(Israel Twitter)Negev, נֶּגֶב, Tiberian vocalization: Néḡeḇ, النقب al-Naqab, is a desert and semidesert region of southern Israel. The Arabs, including the native Bedouin population of the region, refer to the desert as al-Naqab (Arabic: النقب). The origin of the word Neghebh (or in Modern Hebrew Negev) is from the Hebrew root denoting 'dry'. In the Bible the word Neghebh is also used for the direction 'south'.
The Negev covers more than half of Israel, over some 13,000 km² (4,700 sq mi) or at least 55% of the country's land area. It forms an inverted triangle shape whose western side is contiguous with the desert of the Sinai Peninsula, and whose eastern border is the Arabah valley. The Negev has a number of interesting cultural and geological features. Among the latter are three enormous, craterlike makhteshim (box canyons), which are unique to the region; Makhtesh Ramon, Makhtesh Gadol, and Makhtesh Katan.
The Negev is a rocky desert. It is a melange of brown, rocky, dusty mountains interrupted by wadis (dry riverbeds that bloom briefly after rain) and deep craters. It can be split into five different ecological regions: northern, western, and central Negev, the high plateau and the Arabah Valley. The northern Negev, or Mediterranean zone, receives 300 mm of rain annually and has fairly fertile soils. The western Negev receives 250 mm of rain per year, with light and partially sandy soils. Sand dunes can reach heights of up to 30 metres here. Home to the city of Beersheba, the central Negev has an annual precipitation of 200 mm and is characterized by impervious soil, allowing minimum penetration of water with greater soil erosion and water runoff. The high plateau area of Ramat HaNegev (Hebrew: רמת הנגב, The Negev Heights) stands between 370 metres and 520 metres above sea level with extreme temperatures in summer and winter.
Contemporary environmental issues
85% of the Negev is used by the Israel Defense Forces for training purposes.. In the remaining portion of the Negev available for civilian purposes, a large number of citizens live together in close proximity to a range of types of hazardous infrastructure, which includes a nuclear reactor, 22 agro and petrochemical factories, an oil terminal, closed military zones, quarries, a toxic waste incinerator Ramat Hovav, cell towers, a power plant, several airports, a prison, and 2 rivers of open sewage.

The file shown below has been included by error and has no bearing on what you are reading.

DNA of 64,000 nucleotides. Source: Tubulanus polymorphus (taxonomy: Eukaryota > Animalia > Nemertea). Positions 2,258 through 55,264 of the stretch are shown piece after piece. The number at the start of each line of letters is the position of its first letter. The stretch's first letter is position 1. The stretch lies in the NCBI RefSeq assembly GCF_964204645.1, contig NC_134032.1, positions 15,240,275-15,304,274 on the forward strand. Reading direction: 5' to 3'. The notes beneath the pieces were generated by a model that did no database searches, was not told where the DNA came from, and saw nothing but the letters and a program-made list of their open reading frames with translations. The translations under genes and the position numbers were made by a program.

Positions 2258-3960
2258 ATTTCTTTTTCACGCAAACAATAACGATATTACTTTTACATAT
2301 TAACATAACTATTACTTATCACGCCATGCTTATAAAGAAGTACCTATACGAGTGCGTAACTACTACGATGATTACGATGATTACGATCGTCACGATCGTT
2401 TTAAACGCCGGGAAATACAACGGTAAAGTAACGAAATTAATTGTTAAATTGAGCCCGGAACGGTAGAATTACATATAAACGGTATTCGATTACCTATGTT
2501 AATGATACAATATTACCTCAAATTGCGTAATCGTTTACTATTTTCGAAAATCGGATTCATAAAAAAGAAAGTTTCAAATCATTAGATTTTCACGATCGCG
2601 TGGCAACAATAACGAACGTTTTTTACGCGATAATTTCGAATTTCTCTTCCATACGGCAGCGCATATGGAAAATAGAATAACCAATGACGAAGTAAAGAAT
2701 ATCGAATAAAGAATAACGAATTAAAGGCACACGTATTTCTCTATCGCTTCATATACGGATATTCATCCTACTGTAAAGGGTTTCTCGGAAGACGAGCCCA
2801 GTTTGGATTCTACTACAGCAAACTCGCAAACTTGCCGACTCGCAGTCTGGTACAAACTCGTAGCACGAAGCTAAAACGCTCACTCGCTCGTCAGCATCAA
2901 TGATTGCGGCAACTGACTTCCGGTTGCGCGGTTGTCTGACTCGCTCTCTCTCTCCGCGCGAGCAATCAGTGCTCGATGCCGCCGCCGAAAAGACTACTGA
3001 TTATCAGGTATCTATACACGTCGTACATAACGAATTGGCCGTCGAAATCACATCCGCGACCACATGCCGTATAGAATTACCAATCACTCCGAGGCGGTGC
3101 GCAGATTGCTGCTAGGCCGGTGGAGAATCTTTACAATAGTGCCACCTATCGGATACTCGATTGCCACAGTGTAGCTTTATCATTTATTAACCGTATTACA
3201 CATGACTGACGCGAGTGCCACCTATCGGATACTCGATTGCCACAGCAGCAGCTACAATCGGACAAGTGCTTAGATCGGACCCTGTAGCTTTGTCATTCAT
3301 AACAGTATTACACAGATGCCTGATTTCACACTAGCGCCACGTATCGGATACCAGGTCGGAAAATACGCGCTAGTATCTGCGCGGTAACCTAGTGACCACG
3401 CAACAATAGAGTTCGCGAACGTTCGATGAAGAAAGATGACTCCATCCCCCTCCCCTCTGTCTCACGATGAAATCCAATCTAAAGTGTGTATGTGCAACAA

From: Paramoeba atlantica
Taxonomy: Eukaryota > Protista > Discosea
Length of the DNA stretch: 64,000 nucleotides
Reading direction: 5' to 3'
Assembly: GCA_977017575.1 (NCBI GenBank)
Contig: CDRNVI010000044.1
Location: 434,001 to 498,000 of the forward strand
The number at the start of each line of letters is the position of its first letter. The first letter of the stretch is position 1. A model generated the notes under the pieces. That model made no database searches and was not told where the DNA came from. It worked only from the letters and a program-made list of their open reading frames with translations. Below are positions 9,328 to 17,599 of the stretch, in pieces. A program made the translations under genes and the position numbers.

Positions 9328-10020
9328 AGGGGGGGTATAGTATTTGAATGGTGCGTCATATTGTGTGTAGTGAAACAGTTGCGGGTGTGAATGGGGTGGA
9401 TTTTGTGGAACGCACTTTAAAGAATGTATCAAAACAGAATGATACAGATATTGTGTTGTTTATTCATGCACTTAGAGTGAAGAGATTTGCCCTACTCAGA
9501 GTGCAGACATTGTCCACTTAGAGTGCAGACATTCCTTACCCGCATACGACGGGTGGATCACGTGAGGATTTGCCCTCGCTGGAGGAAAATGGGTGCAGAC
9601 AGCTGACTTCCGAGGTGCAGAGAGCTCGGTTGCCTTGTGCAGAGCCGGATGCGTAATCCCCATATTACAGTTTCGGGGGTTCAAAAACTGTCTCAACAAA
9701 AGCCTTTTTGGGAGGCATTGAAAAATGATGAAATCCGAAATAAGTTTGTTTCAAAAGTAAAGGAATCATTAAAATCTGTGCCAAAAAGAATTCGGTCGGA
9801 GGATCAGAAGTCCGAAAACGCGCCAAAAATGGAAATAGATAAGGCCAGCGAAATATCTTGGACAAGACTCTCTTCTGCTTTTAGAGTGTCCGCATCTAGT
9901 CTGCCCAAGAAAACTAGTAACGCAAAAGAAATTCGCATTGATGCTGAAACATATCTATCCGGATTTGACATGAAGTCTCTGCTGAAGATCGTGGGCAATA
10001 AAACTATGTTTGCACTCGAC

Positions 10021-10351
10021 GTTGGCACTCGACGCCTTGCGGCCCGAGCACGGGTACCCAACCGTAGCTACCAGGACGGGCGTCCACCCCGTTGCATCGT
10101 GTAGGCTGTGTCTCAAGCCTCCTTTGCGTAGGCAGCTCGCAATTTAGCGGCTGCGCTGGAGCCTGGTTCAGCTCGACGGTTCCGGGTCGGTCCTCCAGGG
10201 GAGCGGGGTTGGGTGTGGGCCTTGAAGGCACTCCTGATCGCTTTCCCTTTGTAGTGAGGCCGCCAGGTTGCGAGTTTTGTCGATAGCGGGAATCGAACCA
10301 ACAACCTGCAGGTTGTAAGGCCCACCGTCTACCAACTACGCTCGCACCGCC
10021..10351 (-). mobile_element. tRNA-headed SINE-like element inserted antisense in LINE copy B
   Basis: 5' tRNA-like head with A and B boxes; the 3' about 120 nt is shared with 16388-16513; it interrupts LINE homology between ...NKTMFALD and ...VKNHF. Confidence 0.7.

People lounging on the grounds of Midreshet Ben Gurion.
The Tel Aviv municipality dumps its excess waste in the Negev Desert, at Dudaim Dump. In 2005 the Manufacturers Association of Israel established an authority to begin marketing a project to move 60 of the 500 industrial enterprises currently active in the Tel Aviv region to the Negev.
The Ramat Hovav toxic waste facility was planted in the area of Beer Sheva and Wadi el-Na'am in 1979 because the area was perceived as invulnerable to leakage. However, within a decade, cracks were found in the rock beneath Ramat Hovav. From its inception, the facility developed a history of accidents and closures; in the past, regional councils regularly discovered that the evaporation pools of Ramat Hovav's Machteshim chemical factory had overflowed or that waste was leaking from drainage pipes into their reservoir. Nearly ten years after its establishment, outcrops of the chalk under Ramat Hovav showed fractures potentially leading to serious soil and groundwater contamination in the future.
David Faiman of the National Solar Energy Center in front of the world's largest solar parabolic dish.
The Negev Desert and the surrounding area, including the Arava Valley, are the sunniest parts of Israel and little of this land is arable, which is why it has become the center of the Israeli solar industry. David Faiman, an expert on solar energy, feels the energy needs of Israel's future could be met by building solar energy plants in the Negev. As director of Ben-Gurion National Solar Energy Center, he operates one of the largest solar dishes in the world.
A 250 MW solar park in Ashalim, an area in the northern Negev, was in the planning stages for over five years, but it is not expected to produce power before 2013. In 2008 construction began on three solar power plants near the city; two thermal and one photovoltaic.
The Rotem Industrial Complex outside of Dimona, Israel has dozens of solar mirrors that focus the sun's rays on a tower that in turn heats a water boiler to create steam, turning a turbine to create electricity. Luz II, Ltd. plans to use the solar array to test new technology for the three new solar plants to be built in California for Pacific Gas and Electric Company.